I read a column by Brendan Sinclair where he suggests that AR for gaming doesn’t have much of a future beyond the novelty factor. On Mastodon, he was even more blunt, suggesting that AR is good at attracting venture capital but will inevitably run the same course of underwhelming reality as current-day VR has.
My overall take on that column is that Sinclair makes short-term observations that I entirely agree with, and then he makes conclusions that I think are myopic and unimaginative. To be fair: the column is about games as business, which is all about analysis of existing product more than speculation about the future, and Sinclair acknowledges as much in the column.
For instance: it’s tempting to point to Pokemon Go’s success as a sign that AR is a potential gold mine, but as Sinclair points out, that game was successful because of its IP and its geolocation more than its AR functionality. We’re in agreement there, but I disagree that you can extrapolate much about the viability of AR games from that.
Pokemon Go’s AR element was doomed to be uninspiring (in my opinion at least) for two reasons: first, it had to be compatible with a broad range of devices, which limited it to the lowest-common-denominator in terms of AR functionality. Second, it had to work with a game that was literally designed to be played anywhere on earth, with zero predictability in terms of environment.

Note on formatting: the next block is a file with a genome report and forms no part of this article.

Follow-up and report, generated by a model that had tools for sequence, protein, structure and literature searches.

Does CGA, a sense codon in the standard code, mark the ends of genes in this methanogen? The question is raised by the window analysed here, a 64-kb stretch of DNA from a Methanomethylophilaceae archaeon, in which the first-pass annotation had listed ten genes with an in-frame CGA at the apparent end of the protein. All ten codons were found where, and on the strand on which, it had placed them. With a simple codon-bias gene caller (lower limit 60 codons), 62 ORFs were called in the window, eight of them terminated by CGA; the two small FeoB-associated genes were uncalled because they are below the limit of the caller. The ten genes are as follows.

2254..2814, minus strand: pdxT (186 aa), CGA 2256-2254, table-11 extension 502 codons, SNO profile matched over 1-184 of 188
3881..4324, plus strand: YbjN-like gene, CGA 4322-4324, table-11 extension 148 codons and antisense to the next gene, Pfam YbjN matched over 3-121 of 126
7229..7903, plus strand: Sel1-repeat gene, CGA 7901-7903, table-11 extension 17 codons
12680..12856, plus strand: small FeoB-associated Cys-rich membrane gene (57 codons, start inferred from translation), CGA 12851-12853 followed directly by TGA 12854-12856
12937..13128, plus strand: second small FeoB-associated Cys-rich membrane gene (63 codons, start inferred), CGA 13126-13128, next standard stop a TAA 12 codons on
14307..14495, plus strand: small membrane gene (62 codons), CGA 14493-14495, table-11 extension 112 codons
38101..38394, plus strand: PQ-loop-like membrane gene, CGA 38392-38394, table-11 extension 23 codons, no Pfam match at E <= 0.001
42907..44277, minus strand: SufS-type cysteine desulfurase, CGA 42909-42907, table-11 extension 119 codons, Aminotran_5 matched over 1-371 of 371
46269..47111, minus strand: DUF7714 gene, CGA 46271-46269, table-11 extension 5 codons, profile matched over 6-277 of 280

The main takeaway I got from Sinclair’s column is that most people’s thinking about the realistic potential of AR and VR — including my own! — has been both defined by the limitations of existing implementations, and also set to an impossibly high standard.
The devices — and by extension, experiences — that we’re familiar with have all been limited by necessary compromises: some of them because the tech just isn’t there yet; some of them because companies rushed products to market before they were fully baked; and some of them because the devices were intended to be prototypes, to generate ideas about what the future of VR or AR could be instead of presenting any finished and polished technology.